Outside of school, you can help your child focus by playing focus games. This can be a puzzle or a crossword puzzle. Freeze dance can also be a focus game. It keeps your child’s mind listening to the music until they stop knowing to stop dancing. Simon says, or head, shoulders, knees and toes are all games that get your child moving but can also train their concentration skills.

Mindfulness

Another thing you can work on with your child is practicing mindfulness. Mindfulness lives in the moment. As you practice this, your child can learn to be more in the present. So if you notice your mind wandering, you can bring your mind back to what is happening around you. These can be breathing exercises where you sit still and focus on each inhale and exhale. Or you can let them stand and focus on how their feet feel when they hit the ground. There are many mindfulness exercises that your child can benefit from.

Repeat Repeat Repeat

You can check that your child is actively listening by asking them to repeat what you just said.

Unstructured game

It is important to give our children time for unstructured play as well. Preferably outside.

Vitamin D

The importance of vitamin D in our body is amazing. The best way to get natural vitamin D is in the sun. So if your child comes home with a boatload of energy, they can run outside on their own without guidance, can work wonders when they have to come back to do homework.

sleep

Getting enough sleep at night can also help your child stay focused in class.

Diet food

Lack of focus can also result from diet. Consumption of too much sugar, dairy products and gluten can impair the ability to concentrate. Make sure your child’s blood sugar stays in balance throughout the day. Adding healthy fats to their diet can improve brain function, which also makes them more focused. Foods rich in magnesium can also help your child focus.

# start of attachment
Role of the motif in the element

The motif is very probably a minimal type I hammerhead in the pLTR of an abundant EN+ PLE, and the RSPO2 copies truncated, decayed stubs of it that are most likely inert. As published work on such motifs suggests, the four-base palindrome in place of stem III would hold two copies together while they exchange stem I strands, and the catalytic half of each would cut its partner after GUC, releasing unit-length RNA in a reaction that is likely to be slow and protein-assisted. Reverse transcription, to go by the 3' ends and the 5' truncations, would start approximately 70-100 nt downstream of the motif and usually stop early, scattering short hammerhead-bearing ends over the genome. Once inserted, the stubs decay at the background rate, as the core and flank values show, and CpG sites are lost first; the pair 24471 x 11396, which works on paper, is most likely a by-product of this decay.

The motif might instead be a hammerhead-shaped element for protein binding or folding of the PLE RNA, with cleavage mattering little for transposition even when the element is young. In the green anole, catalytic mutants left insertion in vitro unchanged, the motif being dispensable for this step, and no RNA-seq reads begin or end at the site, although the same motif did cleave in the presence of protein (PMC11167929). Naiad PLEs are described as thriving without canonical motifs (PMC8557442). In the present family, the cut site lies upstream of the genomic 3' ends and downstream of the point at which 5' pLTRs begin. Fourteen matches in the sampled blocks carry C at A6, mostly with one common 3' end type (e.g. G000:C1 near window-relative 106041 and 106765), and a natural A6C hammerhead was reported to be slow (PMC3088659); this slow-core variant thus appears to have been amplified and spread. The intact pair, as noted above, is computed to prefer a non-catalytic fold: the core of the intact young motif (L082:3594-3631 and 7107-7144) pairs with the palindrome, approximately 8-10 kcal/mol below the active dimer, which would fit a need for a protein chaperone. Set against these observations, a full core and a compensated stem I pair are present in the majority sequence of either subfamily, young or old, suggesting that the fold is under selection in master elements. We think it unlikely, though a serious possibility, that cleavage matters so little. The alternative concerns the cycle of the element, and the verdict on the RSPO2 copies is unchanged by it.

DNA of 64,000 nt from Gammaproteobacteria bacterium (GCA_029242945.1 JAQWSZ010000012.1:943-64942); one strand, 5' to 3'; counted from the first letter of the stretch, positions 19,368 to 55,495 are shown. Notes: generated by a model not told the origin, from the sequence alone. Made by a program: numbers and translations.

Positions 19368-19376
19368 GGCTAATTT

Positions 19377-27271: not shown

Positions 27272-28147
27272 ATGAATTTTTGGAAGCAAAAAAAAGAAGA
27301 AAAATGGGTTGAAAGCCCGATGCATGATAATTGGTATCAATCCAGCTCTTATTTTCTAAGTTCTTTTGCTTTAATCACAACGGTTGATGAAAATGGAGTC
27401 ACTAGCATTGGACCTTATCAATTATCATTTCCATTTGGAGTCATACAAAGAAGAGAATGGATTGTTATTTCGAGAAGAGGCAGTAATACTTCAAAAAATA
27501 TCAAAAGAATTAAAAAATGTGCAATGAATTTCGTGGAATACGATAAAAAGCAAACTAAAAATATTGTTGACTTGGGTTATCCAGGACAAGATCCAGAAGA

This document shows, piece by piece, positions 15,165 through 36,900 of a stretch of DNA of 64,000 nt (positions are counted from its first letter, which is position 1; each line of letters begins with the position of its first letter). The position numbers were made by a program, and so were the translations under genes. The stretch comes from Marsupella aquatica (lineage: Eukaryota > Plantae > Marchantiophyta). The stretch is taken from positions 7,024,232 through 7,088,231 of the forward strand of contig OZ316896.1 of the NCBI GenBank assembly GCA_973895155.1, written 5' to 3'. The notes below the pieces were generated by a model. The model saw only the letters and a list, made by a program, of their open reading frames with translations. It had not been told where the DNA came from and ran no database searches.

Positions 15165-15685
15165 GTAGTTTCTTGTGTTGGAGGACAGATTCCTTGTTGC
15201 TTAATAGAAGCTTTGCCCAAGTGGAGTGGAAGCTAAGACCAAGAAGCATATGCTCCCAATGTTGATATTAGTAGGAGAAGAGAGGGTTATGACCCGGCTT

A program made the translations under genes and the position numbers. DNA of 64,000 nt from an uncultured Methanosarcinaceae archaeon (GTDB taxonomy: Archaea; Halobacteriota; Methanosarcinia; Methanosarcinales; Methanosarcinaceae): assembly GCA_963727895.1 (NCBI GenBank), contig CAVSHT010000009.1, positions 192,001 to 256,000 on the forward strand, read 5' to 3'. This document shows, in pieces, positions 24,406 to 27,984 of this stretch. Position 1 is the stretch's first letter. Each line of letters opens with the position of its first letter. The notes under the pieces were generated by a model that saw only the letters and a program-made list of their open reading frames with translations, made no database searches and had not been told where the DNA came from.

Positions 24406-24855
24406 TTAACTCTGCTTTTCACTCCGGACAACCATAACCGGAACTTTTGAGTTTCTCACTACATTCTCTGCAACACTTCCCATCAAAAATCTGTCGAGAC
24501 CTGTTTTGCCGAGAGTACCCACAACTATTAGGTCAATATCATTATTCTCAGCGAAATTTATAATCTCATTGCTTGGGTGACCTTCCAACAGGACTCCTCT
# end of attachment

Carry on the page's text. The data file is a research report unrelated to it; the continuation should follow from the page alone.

Increasing dopamine levels can also be of great help. Dopamine is the brain chemical responsible for focus, motivation, and enjoyment of activity. Dopamine is released when we do activities that we find comfortable. Not having enough of it can lead to disinterest and focus. You can increase dopamine levels with certain foods like seaweed, protein, beef, chicken, turkey, fish, cheese, pumpkin, nuts and seeds, beans, lentils, spinach, avocados, oats, bananas, watermelons, chocolate, spirulina, broccoli, cauliflower , Berries and apples.

Bring away

Helping our children focus can benefit them throughout their lives. Learning the techniques that will help our children learn and focus best can help everyone. Even adults sometimes need help with focusing. So don’t forget that the average adult can only focus on something for about 42 minutes without a break. So a child’s focus can be much less. Finding fun ways to practice focus and learning some mindfulness can help your child stay focused in school.

READ MORE: Vitamin D Deficiency


Following a daily schedule will help your body switch to focus mode at the same time each day.